11.
J Neurosci ; 40(11): 2371-2380, 2020 Mar 11.
Artigo em Inglês | MEDLINE | ID: mdl-32047056

RESUMO

Chronic electroencephalography (EEG) is a widely used tool for monitoring cortical electrical activity in experimental animals. Although chronic implants allow for high-quality, long-term recordings in preclinical studies, the electrodes are foreign objects and might therefore be expected to induce a local inflammatory response. We here analyzed the effects of chronic cranial electrode implantation on glymphatic fluid transport and in provoking structural changes in the meninges and cerebral cortex of male and female mice. Immunohistochemical analysis of brain tissue and dura revealed reactive gliosis in the cortex underlying the electrodes and extensive meningeal lymphangiogenesis in the surrounding dura. Meningeal lymphangiogenesis was also evident in mice prepared with the commonly used chronic cranial window. Glymphatic influx of a CSF tracer was significantly enhanced at 30 d postsurgery in both awake and ketamine-xylazine anesthetized mice with electrodes, supporting the concept that glymphatic influx and intracranial lymphatic drainage are interconnected. Altogether, the experimental results provide clear evidence that chronic implantation of EEG electrodes is associated with significant changes in the brain's fluid transport system. Future studies involving EEG recordings and chronic cranial windows must consider the physiological consequences of cranial implants, which include glial scarring, meningeal lymphangiogenesis, and increased glymphatic activity.SIGNIFICANCE STATEMENT This study shows that implantation of extradural electrodes provokes meningeal lymphangiogenesis, enhanced glymphatic influx of CSF, and reactive gliosis. The analysis based on CSF tracer injection in combination with immunohistochemistry showed that chronically implanted electroencephalography electrodes were surrounded by lymphatic sprouts originating from lymphatic vasculature along the dural sinuses and the middle meningeal artery. Likewise, chronic cranial windows provoked lymphatic sprouting. Tracer influx assessed in coronal slices was increased in agreement with previous reports identifying a close association between glymphatic activity and the meningeal lymphatic vasculature. Lymphangiogenesis in the meninges and altered glymphatic fluid transport after electrode implantation have not previously been described and adds new insights to the foreign body response of the CNS.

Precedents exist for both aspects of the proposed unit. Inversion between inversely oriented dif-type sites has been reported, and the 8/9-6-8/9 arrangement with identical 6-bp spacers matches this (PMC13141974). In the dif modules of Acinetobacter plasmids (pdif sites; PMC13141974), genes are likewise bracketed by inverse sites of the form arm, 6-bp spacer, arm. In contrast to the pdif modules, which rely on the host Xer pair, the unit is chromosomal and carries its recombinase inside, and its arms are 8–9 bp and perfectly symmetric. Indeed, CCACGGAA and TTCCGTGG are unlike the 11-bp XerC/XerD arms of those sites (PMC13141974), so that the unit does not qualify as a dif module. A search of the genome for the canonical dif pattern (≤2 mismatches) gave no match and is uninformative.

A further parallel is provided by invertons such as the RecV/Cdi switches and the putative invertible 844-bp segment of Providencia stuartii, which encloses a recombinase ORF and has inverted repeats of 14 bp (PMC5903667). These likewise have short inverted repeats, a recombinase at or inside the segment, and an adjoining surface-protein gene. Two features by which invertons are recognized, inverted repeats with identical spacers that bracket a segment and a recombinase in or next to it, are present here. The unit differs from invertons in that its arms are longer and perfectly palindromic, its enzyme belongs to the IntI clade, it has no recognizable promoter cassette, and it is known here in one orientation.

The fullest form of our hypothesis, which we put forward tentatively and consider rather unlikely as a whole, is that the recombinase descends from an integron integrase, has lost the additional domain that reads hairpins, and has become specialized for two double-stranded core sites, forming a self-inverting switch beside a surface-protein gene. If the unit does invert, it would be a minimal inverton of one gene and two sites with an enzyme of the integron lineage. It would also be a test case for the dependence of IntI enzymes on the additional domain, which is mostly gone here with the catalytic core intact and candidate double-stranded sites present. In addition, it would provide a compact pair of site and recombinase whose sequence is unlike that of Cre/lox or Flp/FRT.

12.
Trends Mol Med ; 26(3): 285-295, 2020 Mar.
Artigo em Inglês | MEDLINE | ID: mdl-31959516

RESUMO

Approximately 10% of dementia patients have idiopathic normal pressure hydrocephalus (iNPH), an expansion of the cerebrospinal fluid (CSF)-filled brain ventricles. iNPH and Alzheimer's disease (AD) both exhibit sleep disturbances, build-up of brain metabolic wastes and amyloid-ß (Aß) plaques, perivascular reactive astrogliosis, and mislocalization of astrocyte aquaporin-4 (AQP4). The glia-lymphatic (glymphatic) system facilitates brain fluid clearance and waste removal during sleep via glia-supported perivascular channels. Human studies have implicated impaired glymphatic function in both AD and iNPH. Continued investigation into the role of glymphatic system biology in AD and iNPH models could lead to new strategies to improve brain health by restoring homeostatic brain metabolism and CSF dynamics.

13.
Neurochem Res ; 45(1): 100-108, 2020 Jan.
Artigo em Inglês | MEDLINE | ID: mdl-31254249

RESUMO